The nerves responsible for erection are located very close to the surface of the prostate. These nerves “live” in what I would liken to a blanket draped over the prostate. In a non-cancerous (benign) prostate and prostates where the cancers have been detected early and are not aggressive (low grade cancers), the nerves (the blanket) can be easily removed from the prostate and left behind. Leaving these nerves behind will hopefully allow them to function normally to produce erections in the months following the surgery. In prostates that have more advanced or involved cancer, sometimes these nerves can have cancer within them, and it is necessary to remove them along with the prostate. This follows along with the main goal of the surgery: to remove all cancer and cure the patient of their disease.
There are two bundles of nerves that run alongside the prostate. One occurs on the left and one on the right side. Every effort is made to save both nerves, but sometimes only one can be saved. This will affect the man’s ability to have the same caliber of erection that he had before the operation. Some of the largest predictors of how a man’s erections will be after the operation (radical prostatectomy-removal of the prostate for cancer) are the person’s age (younger men have a better chance of recovering full function) and the man’s ability before the operation to have normal erections. For example, a person with a history of high blood pressure and long term diabetes who is using oral medication for erections before the surgery will likely need more aggressive treatments for erectile dysfunction after the surgery than a man who functions normally without the use of medicines. Finally, the extent of prostate cancer and the surgeon’s ability to spare both nerves will be another determinant.
Historically, it was believed that the full measure of a man’s erectile dysfunction should not be made until one year following prostate cancer surgery. However, new literature has shed light on the fact that it may take up to two years after radical prostatectomy to regain full function. The seeming uncertainty in this recovery stems from our inability to judge or measure how and if damage to nerves occurs during the surgery. Every attempt to avoid using electrocautery during surgery (a method to control bleeding) is made to avoid damage to these nerves. Also just by manipulating or pulling on the nerve bundles without the use of electric cautery can affect their function after the operation. One thing that I thoroughly counsel my patients on before radical prostatectomy, is that their erections may not be the same as before the operation. That being said, there are plenty of medications and “good health” measures that can be taken to try to get back to their baseline function.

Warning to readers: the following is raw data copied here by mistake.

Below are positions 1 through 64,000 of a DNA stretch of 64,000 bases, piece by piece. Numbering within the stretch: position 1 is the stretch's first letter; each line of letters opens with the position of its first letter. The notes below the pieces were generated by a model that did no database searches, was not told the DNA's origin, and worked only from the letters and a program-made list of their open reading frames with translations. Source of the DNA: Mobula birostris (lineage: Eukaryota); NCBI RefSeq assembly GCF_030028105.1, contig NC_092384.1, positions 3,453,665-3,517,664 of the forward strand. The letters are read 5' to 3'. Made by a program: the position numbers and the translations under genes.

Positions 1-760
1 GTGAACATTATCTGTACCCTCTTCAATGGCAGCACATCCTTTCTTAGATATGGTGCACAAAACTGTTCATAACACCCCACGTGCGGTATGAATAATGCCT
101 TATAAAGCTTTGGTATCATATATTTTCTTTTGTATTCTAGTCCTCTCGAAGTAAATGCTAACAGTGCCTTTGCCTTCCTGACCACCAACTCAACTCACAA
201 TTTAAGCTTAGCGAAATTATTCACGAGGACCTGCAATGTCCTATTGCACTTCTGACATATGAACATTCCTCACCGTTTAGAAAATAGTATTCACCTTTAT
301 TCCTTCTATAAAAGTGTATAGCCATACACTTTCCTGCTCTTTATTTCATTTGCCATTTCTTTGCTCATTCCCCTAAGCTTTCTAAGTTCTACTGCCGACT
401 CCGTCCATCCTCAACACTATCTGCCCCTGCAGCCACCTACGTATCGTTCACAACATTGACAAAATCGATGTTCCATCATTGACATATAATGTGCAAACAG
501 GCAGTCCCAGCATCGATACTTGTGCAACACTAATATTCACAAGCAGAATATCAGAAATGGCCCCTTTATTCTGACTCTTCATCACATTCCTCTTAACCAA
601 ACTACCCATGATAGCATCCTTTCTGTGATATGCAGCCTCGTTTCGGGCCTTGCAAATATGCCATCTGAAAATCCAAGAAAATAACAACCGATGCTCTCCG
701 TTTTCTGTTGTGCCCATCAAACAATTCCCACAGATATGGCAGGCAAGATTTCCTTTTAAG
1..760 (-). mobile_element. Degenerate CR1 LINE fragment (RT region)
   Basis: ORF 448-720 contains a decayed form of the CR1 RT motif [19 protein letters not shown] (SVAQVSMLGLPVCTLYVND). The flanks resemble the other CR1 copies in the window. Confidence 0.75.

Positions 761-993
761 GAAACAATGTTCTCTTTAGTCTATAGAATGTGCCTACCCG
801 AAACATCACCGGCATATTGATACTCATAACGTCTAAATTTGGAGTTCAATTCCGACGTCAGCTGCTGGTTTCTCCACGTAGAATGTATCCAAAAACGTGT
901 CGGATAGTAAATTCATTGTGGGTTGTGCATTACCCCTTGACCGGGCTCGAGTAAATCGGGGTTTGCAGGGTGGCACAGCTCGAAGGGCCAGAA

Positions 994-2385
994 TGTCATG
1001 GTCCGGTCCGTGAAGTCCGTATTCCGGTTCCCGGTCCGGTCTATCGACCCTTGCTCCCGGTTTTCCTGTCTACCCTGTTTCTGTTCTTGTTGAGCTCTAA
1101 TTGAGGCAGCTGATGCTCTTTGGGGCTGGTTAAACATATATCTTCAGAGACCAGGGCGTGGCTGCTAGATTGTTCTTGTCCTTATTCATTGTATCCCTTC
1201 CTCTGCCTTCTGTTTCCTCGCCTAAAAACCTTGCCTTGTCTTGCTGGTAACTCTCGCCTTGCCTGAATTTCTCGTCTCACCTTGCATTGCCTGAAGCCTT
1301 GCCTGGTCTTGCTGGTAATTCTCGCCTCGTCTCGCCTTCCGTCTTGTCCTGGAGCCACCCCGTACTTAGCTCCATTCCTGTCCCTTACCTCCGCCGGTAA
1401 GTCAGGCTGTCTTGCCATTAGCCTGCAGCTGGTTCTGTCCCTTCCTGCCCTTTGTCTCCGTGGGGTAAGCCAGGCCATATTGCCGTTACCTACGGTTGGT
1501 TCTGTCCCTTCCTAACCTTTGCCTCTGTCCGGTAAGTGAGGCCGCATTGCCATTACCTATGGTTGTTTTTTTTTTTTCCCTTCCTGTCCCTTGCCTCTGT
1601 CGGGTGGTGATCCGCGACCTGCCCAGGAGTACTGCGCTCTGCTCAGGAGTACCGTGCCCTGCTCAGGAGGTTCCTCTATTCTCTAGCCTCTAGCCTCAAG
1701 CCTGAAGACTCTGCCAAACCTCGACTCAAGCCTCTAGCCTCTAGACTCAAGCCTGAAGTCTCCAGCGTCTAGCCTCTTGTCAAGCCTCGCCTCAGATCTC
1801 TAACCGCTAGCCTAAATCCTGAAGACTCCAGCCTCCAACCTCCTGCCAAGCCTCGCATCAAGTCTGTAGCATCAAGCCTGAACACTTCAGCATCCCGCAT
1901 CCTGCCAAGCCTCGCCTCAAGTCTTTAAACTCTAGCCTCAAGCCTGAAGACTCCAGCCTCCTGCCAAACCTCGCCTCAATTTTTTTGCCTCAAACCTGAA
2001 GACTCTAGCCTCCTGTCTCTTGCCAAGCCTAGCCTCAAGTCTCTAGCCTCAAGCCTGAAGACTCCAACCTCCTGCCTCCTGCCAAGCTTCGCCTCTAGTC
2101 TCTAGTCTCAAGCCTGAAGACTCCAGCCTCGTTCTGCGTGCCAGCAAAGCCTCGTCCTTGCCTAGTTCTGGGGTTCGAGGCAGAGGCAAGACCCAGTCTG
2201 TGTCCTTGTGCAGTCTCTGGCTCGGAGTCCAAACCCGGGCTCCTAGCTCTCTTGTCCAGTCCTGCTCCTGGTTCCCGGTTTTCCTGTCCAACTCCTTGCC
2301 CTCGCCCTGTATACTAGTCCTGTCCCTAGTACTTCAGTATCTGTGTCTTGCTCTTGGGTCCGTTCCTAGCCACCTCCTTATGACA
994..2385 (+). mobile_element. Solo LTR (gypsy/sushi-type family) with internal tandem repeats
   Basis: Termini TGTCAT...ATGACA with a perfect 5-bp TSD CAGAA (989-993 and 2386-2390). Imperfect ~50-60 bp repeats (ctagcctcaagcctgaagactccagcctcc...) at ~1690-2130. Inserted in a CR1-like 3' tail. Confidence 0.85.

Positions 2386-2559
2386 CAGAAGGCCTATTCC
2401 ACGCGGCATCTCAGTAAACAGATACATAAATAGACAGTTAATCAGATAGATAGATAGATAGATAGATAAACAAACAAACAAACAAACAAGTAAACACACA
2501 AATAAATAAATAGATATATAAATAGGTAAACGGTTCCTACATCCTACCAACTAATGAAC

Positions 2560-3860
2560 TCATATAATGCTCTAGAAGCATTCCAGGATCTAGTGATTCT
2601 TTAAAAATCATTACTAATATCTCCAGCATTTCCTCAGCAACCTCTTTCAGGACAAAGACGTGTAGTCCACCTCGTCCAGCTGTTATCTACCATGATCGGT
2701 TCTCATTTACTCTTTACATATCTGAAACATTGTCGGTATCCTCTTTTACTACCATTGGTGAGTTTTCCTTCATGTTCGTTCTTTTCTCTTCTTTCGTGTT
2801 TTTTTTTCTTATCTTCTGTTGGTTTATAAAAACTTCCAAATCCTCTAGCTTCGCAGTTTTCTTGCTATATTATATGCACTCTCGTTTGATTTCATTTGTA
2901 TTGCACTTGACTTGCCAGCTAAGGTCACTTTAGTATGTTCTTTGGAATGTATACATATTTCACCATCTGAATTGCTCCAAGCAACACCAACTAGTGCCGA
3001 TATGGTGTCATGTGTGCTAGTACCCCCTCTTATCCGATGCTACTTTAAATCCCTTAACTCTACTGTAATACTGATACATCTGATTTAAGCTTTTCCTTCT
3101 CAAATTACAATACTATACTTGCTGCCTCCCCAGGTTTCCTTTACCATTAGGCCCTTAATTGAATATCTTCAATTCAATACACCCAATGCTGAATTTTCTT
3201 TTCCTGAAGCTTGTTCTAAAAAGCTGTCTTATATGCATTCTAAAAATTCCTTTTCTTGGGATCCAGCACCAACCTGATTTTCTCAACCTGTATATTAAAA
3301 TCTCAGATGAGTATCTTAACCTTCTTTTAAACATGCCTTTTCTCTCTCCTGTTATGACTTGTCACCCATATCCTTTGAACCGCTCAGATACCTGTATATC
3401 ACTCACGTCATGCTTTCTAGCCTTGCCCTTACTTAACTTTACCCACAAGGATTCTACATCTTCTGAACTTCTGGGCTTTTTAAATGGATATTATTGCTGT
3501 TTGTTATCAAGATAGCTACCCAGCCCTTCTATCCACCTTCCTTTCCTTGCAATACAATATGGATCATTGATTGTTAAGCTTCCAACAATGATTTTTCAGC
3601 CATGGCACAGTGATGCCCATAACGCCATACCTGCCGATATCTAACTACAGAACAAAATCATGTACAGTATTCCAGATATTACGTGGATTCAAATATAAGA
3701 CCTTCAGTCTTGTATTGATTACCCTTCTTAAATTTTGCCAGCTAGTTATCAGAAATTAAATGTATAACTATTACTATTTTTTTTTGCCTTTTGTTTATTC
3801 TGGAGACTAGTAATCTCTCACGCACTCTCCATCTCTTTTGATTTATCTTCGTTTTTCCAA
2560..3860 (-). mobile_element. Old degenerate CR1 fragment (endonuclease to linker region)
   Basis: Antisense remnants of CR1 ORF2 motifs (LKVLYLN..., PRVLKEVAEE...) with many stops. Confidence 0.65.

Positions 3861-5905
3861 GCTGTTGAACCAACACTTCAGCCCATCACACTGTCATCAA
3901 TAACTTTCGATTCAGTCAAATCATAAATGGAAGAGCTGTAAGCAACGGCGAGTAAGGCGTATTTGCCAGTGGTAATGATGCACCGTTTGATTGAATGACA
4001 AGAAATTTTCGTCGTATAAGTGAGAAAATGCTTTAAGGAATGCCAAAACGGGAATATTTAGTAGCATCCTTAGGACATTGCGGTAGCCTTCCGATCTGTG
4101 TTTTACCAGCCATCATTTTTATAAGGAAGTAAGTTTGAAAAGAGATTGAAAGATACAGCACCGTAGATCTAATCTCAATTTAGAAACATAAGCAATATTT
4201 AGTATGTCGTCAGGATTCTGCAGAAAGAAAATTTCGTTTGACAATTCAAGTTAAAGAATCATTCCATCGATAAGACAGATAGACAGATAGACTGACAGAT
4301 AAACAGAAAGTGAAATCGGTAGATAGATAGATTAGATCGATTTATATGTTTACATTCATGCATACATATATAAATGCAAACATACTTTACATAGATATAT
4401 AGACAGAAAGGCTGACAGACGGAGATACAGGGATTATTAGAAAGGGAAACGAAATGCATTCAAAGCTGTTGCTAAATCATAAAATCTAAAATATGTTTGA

“Good health” measures are extremely important for not only heart health but also for prostate health and good erectile function. If a man comes to my office complaining of erectile dysfunction and he is noticeably overweight and out of shape, one of the first counseling maneuvers that I will take, in conjunction with his primary doctor, is to discuss a good diet and exercise program. Aside from the obvious cardiovascular benefits, this regimen will also improve personal confidence. Erectile function does require a great deal of positive psychology as well. When you feel confident about your body and your health, you will likely benefit from a healthier sexual lifestyle.